Fact Check: Water Is NOT Most Powerful Blood Thinner -- It's NOT A 'Blood Thinner' At All

Fact Check

  • by: Ed Payne
Fact Check: Water Is NOT Most Powerful Blood Thinner -- It's NOT A 'Blood Thinner' At All Not No. 1

Is water the most powerful blood thinner? No, that's not true: While staying hydrated is important for overall health and can help maintain proper blood viscosity, water does not have the same effect as medications specifically designed to "thin the blood." Some people incorrectly refer to these medications as "blood thinners" but they are actually called anticoagulants. These medications work by interfering with the clotting process to reduce the risk of blood clots forming in the arteries or veins.

The claim appeared in a post and video (archived here) on Instagram by thehealthyyhabitat on February 23, 2024. The post's caption said:

The best blood thinner
#blood #water #health #healthtips #holistichealth #naturalremedies #healing #natural #salt #healthylifestyle #didyouknow #barbaraoneill #thehealthyyhabitat #explore #reels

This is what the post looked like on Instagram at the time of writing:


(Source: Instagram screenshot taken on Thu Mar 7 16:33:13 2024 UTC)

The video

The woman featured in the 88-second video is controversial wellness coach Barbara O'Neill. In the clip, she states that water is the most powerful blood thinner, suggesting there's no need to take anticoagulants like warfarin. O'Neill said:

So, hydration is absolutely essential for proper heart function. But hydration is also important for something else, and that's keeping the blood nice and thin. It's very hard for the blood to be pumped efficiently and effectively through the heart if the blood is thick. ...

The most powerful blood thinner is water. Keep drinking.

Blood experts

Dr. Michael Streiff, medical director at The Johns Hopkins Hospital Special Coagulation Laboratory, told Lead Stories in a March 7, 2024, phone interview that O'Neill's claim in the video is "not true." He continued:

She plays on this like it's common for people to label anticoagulants as quote unquote, blood thinners. But they're not really blood thinners.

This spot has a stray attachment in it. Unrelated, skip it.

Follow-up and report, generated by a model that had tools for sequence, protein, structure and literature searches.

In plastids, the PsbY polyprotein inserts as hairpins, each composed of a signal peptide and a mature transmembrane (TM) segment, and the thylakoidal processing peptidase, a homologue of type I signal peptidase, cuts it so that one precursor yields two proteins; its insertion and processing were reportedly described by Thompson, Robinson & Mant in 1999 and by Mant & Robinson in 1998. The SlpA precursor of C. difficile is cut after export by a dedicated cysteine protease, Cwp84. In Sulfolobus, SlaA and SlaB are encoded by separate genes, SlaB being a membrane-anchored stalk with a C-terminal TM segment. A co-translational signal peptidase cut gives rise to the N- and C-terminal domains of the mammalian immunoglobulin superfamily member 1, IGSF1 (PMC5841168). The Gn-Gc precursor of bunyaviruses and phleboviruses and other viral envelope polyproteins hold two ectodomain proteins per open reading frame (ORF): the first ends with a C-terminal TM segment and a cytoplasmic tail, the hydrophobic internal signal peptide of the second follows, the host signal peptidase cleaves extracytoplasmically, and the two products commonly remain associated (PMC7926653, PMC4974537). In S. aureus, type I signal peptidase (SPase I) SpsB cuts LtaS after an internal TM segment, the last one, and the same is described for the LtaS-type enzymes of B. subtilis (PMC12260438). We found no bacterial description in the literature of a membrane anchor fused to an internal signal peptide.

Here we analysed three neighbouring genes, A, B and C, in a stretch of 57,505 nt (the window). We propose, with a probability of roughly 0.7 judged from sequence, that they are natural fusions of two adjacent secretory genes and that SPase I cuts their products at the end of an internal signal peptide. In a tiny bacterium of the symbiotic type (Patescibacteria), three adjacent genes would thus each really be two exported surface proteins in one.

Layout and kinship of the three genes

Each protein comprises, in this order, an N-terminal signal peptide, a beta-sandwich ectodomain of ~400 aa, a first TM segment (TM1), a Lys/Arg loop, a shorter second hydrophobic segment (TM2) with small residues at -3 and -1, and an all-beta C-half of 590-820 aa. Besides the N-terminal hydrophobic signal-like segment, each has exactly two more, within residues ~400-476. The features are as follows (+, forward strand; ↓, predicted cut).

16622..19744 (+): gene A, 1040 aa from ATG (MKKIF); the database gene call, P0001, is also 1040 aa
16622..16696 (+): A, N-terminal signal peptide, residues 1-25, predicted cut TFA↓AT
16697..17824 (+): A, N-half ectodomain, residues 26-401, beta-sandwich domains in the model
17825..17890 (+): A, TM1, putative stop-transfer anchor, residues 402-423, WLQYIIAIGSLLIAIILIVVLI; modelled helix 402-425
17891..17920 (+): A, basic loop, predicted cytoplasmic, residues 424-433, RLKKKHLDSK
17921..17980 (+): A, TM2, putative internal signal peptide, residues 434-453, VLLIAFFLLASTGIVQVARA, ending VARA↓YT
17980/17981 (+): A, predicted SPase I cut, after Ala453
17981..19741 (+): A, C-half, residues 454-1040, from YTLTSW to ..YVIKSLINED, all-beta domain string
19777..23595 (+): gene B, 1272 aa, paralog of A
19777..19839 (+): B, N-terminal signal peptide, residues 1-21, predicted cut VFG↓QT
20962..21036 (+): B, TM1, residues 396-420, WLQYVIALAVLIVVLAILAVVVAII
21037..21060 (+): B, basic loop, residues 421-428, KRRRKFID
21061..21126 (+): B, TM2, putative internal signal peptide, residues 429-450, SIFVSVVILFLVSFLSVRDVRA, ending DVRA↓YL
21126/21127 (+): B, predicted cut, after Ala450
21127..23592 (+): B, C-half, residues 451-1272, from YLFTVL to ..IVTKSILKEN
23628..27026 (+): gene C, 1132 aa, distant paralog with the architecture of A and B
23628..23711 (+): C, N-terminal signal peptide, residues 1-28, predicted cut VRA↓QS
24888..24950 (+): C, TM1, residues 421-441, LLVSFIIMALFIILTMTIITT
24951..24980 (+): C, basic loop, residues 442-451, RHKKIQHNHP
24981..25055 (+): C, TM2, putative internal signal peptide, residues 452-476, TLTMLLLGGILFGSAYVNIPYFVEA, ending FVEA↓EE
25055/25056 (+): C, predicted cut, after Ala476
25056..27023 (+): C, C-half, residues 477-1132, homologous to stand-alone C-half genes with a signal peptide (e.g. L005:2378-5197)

Later in the interview, Streiff added:

Water is not a blood thinner. It implies that it blocks the clotting system or interferes with clot formation. I think for most patients, for most people, water has no impact on that at all. So it is not the most powerful blood thinner.

Traci Mondoro, chief of the Translational Blood Science and Resources Branch at the National Heart, Lung, and Blood Institute's Division of Blood Diseases and Resources, said in a March 7, 2024, email that drinking a lot of water does not help "keep the blood nice and thin," as O'Neill suggested. Mondoro said:

Blood thinners do not actually make your blood thinner; they help blood flow smoothly through your veins and arteries as well as keeping blood clots from forming or getting bigger.

Streiff also told Lead Stories that, for most people, drinking water does little to change the consistency of blood. He said;

If you drink a lot of water, you'll dilute your red cells out some but your body controls how much water stays in your body. You know, the kidneys take care of it. It'll get rid of it. So it's not a blood thinner at all.

I think what she's referring to with blood thinning is usually [called] anticoagulation. Water does not anticoagulate you at all. It has no anticoagulation properties.

Barbara O'Neill

O'Neill is well-known in the alternative medicine community but was sanctioned by Australia's Health Care Complaints Commission (HCCC) in 2019. A statement from the HCCC, following an investigation, said:

The Commission is satisfied that Mrs O'Neill poses a risk to the health or safety of members of the public. The Commission therefore makes the following prohibition order:

  • Mrs O'Neill is permanently prohibited from providing any health services, as defined in s4 of the Health Care Complaints Act 1993 (the Act), whether in a paid or voluntary capacity.

Read more

Additional Lead Stories fact checks of claims related to O'Neill can be found here.

Want to inform others about the accuracy of this story?

See who is sharing it (it might even be your friends...) and leave the link in the comments.:

  Ed Payne

Ed Payne is a staff writer at Lead Stories. He is an Emmy Award-winning journalist as part of CNN’s coverage of 9/11. Ed worked at CNN for nearly 24 years with the CNN Radio Network and CNN Digital. Most recently, he was a Digital Senior Producer for Gray Television’s Digital Content Center, the company’s digital news hub for 100+ TV stations. Ed also worked as a writer and editor for WebMD. In addition to his journalistic endeavors, Ed is the author of two children’s book series: “The Daily Rounds of a Hound” and “Vail’s Tales.” 

Read more about or contact Ed Payne

About Us

International Fact-Checking Organization Meta Third-Party Fact Checker

Lead Stories is a fact checking website that is always looking for the latest false, misleading, deceptive or inaccurate stories, videos or images going viral on the internet.
Spotted something? Let us know!.

Lead Stories is a:


Subscribe to our newsletter

* indicates required

Please select all the ways you would like to hear from Lead Stories LLC:

You can unsubscribe at any time by clicking the link in the footer of our emails. For information about our privacy practices, please visit our website.

We use Mailchimp as our marketing platform. By clicking below to subscribe, you acknowledge that your information will be transferred to Mailchimp for processing. Learn more about Mailchimp's privacy practices here.

Most Read

Most Recent

Share your opinion